After a year of violence, horror and agony for the Ukrainian people, their conflict with Russia remains no closer to a conclusion. Fighting off a swift takeover from the Russians, the Ukrainians have entered a stage of military and diplomatic stagnancy, with neither country making meaningful progress toward winning the war. Throughout all of this, the United States has stood on the side of freedom, taking up Ukrainian President Volodymyr Zelensky’s plea to provide the weapons and ammunition required to ward off Russian forces. For this, America has paid deeply.
After enforcing economic sanctions on the Russians and stifling a major global supplier of oil, prices at the pump have risen dramatically. Worsening an already weakened economy, inflation has also soared, and the Federal Reserve’s fight to offset Russian sanctions and achieve price stability has come up short. On the international stage, the war has thrust the North Atlantic Treaty Organization into chaos and sparked debates over the role of the group in aiding non-treaty allies. Furthermore, after years of pulling back on our relationship with Saudi Arabia and other dangerous oil states, the Biden administration was forced to beg OPEC leaders to stop cutting oil production. Though the American people support the Ukrainians in their heroic fight for an independent state, the disruption the war has caused at home and abroad necessitates finally asking the uncomfortable question: Is it still worth it for America to intervene in Ukraine?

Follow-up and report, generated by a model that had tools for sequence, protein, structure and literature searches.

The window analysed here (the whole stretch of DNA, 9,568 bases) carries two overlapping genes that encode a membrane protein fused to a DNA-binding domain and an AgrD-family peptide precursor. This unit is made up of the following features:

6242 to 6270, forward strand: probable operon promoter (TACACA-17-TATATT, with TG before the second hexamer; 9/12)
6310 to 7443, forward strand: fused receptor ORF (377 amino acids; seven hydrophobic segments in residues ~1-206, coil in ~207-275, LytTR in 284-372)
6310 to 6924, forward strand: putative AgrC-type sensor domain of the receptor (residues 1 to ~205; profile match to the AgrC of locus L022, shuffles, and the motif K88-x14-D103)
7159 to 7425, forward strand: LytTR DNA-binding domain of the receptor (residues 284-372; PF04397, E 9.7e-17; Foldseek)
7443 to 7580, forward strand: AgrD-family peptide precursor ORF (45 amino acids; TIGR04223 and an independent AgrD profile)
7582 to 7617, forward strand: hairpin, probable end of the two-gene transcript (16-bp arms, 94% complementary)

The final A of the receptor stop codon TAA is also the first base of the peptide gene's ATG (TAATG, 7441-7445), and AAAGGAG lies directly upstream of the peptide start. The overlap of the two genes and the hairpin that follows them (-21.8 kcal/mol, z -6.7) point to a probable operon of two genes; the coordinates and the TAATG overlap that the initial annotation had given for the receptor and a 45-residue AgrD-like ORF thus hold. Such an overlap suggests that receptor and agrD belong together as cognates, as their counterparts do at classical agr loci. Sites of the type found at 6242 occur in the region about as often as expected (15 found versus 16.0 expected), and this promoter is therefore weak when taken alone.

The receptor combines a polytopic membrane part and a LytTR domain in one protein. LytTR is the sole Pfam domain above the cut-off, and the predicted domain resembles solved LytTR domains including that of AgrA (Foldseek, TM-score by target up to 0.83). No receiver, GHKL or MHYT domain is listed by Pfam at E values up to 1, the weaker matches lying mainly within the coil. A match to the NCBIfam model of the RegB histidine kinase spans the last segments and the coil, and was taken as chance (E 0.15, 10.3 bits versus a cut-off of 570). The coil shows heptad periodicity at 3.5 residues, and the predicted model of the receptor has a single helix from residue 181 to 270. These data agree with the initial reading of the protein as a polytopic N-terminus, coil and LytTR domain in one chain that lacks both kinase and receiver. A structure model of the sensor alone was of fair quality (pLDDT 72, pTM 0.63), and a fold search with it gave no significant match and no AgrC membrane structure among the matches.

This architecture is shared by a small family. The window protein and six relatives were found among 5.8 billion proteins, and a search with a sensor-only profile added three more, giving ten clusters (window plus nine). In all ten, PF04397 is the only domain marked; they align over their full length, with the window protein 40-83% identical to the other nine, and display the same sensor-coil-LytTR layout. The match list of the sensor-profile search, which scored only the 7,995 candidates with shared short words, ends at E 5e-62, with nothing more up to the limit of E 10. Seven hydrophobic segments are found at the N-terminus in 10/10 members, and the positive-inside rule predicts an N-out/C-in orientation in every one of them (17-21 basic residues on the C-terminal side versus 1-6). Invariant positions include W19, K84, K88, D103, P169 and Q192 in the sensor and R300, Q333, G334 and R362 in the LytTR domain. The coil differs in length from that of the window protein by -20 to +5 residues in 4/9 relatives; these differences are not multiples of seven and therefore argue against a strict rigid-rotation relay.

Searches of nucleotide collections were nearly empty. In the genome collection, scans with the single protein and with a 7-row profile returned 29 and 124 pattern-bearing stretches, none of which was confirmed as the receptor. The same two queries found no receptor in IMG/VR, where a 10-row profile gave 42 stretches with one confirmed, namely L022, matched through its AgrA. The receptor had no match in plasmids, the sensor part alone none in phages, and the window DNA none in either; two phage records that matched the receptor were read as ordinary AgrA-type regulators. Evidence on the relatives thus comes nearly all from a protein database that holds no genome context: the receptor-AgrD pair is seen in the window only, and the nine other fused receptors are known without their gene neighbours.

At the onset of the war, many lawmakers called for President Joe Biden to take drastic steps to support Ukraine, including allowing them to join NATO and directly intervening militarily in the country. To his great credit, Biden made the wise decision to avoid extreme escalation and instead focus on measures that would penalize but not further provoke the Russians. Initially, this came in the form of removing Russia from the SWIFT banking system, which caused significant economic damage, in addition to many economic sanctions on Russian goods that sent a strong statement.
Unfortunately, while the initial goal of Biden’s actions was to push the Russians toward a peace agreement, that strategy has failed. Over the past year, the United States has moved beyond providing humanitarian and economic assistance to Ukraine to also becoming a primary financer of their military. Providing tanks, weapons and munitions to Ukraine, the United States has deeply involved itself in the war effort, enraging Russian President Vladimir Putin and giving him the ammunition necessary to sow Russian distrust of the West and prolong an unpopular war.